The federal government in Ottawa is pushing back against the latest U.S. decision to keep imposing duties on Canadian softwood lumber.
Canada has filed for a judicial review of last month’s Commerce Department assessment of the levies, which International Trade Minister Mary Ng described in a statement as “unfair, unjust and illegal.”
Ng framed the move as an effort to escalate the concerns of exporters while adding an impetus on the U.S. to consider a negotiated solution to a dispute that has plagued Canada-U.S. relations for decades.
“We have to continue to explore new ways (to resolve it), because the industry expects us, expects me and expects my government to — (and) so do their workers,” she said Tuesday during a cabinet retreat in Charlottetown.
“It would be much, much more preferable that we get to the negotiating table, and let’s come together and let’s have a deal. But in the meantime, we’re going to use all the tools at our disposal to stand up for the industry.”
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The latest administrative review by the U.S. Commerce Department resulted in a modest decrease in the so-called “all others” combined duty rate, but kept it in place at 7.99 per cent.
In Canada, lumber-producing provinces set so-called stumpage fees for timber harvested from Crown land, a system that U.S. producers — forced to pay market rates — say amounts to an unfair subsidy.
It’s not the first time Ng has pushed her U.S. counterparts to help hammer out a solution. But U.S. Trade Representative Katherine Tai has said negotiations can only happen once Canada does away with its stumpage fee regime.
“We continue to share with the Canadians that we are committed to the robust enforcement of U.S. trade remedy laws,” Tai’s office said in a statement.
Pushing back against “unfairly traded Canadian imports” remains a priority for the Biden administration, it added.
“We are prepared to discuss another softwood lumber agreement when Canada is ready to address the underlying issues related to subsidization and fair competition so that Canadian lumber imports do not injure the U.S. industry.”
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Canada, meanwhile, has successfully argued at World Trade Organization dispute panels in the past that its stumpage-fee system is not a subsidy, which is exactly why the government feels it remains in the right, Ng said.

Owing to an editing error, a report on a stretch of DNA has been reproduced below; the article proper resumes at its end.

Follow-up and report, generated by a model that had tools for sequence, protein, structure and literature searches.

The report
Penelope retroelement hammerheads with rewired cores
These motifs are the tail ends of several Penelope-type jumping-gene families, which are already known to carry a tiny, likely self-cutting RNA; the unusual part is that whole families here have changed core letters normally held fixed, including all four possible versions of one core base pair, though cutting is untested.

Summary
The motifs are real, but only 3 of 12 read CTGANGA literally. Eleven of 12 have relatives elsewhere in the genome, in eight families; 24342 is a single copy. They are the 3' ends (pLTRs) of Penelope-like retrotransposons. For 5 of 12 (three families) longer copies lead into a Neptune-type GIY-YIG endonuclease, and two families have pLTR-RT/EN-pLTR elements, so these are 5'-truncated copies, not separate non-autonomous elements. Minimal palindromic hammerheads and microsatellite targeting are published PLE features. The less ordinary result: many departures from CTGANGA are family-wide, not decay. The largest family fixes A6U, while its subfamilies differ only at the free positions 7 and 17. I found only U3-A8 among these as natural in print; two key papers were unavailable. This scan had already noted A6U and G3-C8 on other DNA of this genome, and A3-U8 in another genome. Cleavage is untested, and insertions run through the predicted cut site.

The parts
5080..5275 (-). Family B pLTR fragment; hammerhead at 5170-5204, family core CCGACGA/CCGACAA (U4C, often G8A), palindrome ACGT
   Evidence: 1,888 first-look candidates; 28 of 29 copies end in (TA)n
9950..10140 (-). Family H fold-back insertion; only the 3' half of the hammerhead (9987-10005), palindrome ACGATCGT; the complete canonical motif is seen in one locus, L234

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“I mean, it has ruled exactly that conclusion to Canada, which is why it’s so important that Canada continues to defend our interests against these tariffs.”
The Commerce Department’s fourth administrative review of the duties, announced last month, established a combined rate of 7.99 per cent, only slightly less than the 8.59 per cent established after its previous review.
That decision was cheered by U.S. lumber producers, who say the duties keep the playing field level south of the border and allow the domestic forestry and construction industries to thrive.
Such enforcement “is exactly what must happen for enduring expansion of U.S. lumber manufacturing and availability to meet demand to build more American homes,” said Andrew Miller, chairman of the U.S. Lumber Coalition.
“Failure to fully enforce the trade laws would only undermine long-term confidence in expanding U.S. sawmilling capacity and jobs in the American softwood lumber industry.”
The U.S. industry “remains open” to a new agreement on softwood lumber, but Canadian producers have yet to agree on a “unified position” that would allow the two governments to negotiate one, the coalition says.
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